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Epson Home Cinema 710HD Projector - Performance-3

Posted on June 25, 2012 by Art Feierman

Epson Home Cinema 710HD: Bottom Line Sharpness

Sharpness and clarity are very good for a 720p resolution projector, whether watching Blu-ray movies, 1080i or 720p HDTV. If choosing between this projector and other low cost 720p projectors, I'd say the Epson is just fine. There is some minor misconvergence, something you'll find on every 3 panel projector whether 3LCD or 3 LCoS panels.

At normal seating distances the Epson 710HD looks just fine.  Want a real improvement - you won't get anything dramatic, from choosing a single chip DLP with the same 720p resolution.  No  convergence issues with those DLPs, but the real difference is the move up to 1080p.  With 1080p projectors starting to sell for less than $200 more, that's your move for more sharpness, not a different 720p projector.

I will note that being both 720p, and being 3LCD in design, the pixel structure may be very visible at times.  (Still nothing compared to watching an old pre-HD TV.)  You'll easily spot the pixel structure, for example, when movie credits (white on black) are scrolling by.  You can even see the pixel structure in most of the HDTV images in this review, however that's due to a large part, in my pausing to shoot.  Since most HDTV is 1080i - interlaced, coming from DirecTV, when I pause, it pauses on only 1 of the two interlaced frames, essentially giving up half of the resolution.  That's why those HDTV images look a bit jaggy here.  Just compare one of the HDTV images to any of the movie images, and you'll realize this isnt' the projectors issue, but the way DirecTV handles a paused image.

Light Leakage

The Epson Home Cinema 710HD is pretty clean when it comes to like leakage (very unlike the last sub-$1000 projector we reviewed, the Acer H6500).  This is a projector best in a family room type environment, where it's sheer brightness is designed to handle a decent amount of ambient light and still let you enjoy it.

The small amount of ambient light that leaks out the front vent is very minor.  A real non-issue.  Perhaps in a classic theater with dark surfaces everywhere you might notice a tiny amount of light fromt the vents reaching the screen, but even then, minor.  In any other type of room, no problem at all.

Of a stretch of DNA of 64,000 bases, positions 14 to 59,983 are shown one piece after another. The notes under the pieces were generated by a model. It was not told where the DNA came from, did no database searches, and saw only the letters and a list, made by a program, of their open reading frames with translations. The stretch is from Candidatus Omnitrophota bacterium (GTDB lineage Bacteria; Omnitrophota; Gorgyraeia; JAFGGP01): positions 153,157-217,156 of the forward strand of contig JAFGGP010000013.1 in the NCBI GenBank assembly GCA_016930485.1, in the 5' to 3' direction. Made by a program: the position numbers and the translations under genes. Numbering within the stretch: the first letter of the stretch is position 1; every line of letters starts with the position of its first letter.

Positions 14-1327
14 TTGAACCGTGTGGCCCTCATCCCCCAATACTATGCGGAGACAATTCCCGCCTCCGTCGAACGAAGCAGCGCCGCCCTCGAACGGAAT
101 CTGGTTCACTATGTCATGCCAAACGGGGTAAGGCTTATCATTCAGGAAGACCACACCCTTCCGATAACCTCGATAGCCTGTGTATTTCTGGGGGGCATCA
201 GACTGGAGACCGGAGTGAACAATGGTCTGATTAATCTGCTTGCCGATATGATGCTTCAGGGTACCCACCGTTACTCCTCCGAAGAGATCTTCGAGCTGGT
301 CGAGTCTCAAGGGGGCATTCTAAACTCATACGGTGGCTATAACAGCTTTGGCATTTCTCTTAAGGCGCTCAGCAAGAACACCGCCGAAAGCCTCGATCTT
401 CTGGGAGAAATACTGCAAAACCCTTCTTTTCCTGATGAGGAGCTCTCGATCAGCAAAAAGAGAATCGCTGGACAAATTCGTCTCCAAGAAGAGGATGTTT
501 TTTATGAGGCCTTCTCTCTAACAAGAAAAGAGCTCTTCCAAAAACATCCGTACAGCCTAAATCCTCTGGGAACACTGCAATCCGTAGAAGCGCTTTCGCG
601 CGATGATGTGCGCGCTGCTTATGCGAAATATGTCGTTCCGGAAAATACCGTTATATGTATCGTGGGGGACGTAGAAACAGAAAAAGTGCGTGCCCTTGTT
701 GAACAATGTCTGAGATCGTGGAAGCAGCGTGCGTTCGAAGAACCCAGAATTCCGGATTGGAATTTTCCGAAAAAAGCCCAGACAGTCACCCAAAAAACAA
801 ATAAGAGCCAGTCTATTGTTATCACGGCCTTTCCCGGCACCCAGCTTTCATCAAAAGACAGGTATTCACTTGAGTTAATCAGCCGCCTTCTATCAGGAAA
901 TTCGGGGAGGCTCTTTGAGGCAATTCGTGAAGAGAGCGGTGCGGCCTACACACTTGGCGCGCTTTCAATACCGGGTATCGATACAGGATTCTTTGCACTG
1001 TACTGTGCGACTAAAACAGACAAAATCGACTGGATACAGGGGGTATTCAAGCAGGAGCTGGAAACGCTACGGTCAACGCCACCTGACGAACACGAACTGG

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Image Noise

No overt issues with image noise.  That's not surprising 720p resolution home projectors have been around for about a decade now. Manufacturers have consistantly brought out projectors that are pretty clean, from an image noise standpoint.  Also to note, LCD type projectors seem to have less mosquito (general background) noise than the DLP competition.  (That holds true, in general, for the more expensive 1080p projectors as well.)

We rarely play with noise filters - the Epson has some Noise reduction controls- options should you find a some source that seems a bit too noisy.

Audible Noise

At full power the Epson Home Cinema 710 is a bit of a screamer.  They claim 37db, which is more in the range of small business projectors than home models.  Most lower cost home projectors have noise levels at full power between 30 and 35 db.  Most more expensive projectors - at full power tend to be at 32 db or less, with many under 27 db and a couple down around 20-22.  The recent low cost Acer we reviewed was at 35, also a bit noisy.  Remember again, this is a fun projector - not a critically aclaimed home theater projector.  In the living room, family room, bonus room, backyard at night...I don't think most anyone is going to be overly noise concerned.  If it is too loud though, drop the projector into eco-mode, which in this case is a big decrease in noise level - to a claimed and very 29 db, which is probably lower than about half of all home theater projectors running at full power, and very reasonably quiet.  Remember, this Epson in eco-mode is brightner than all but a handful of projectors running at full power, and far brighter than many designed for dedicated home theaters.  Regarding 29 db.  We've tested several $5K+ projectors that noisy, or noisier, at full power.

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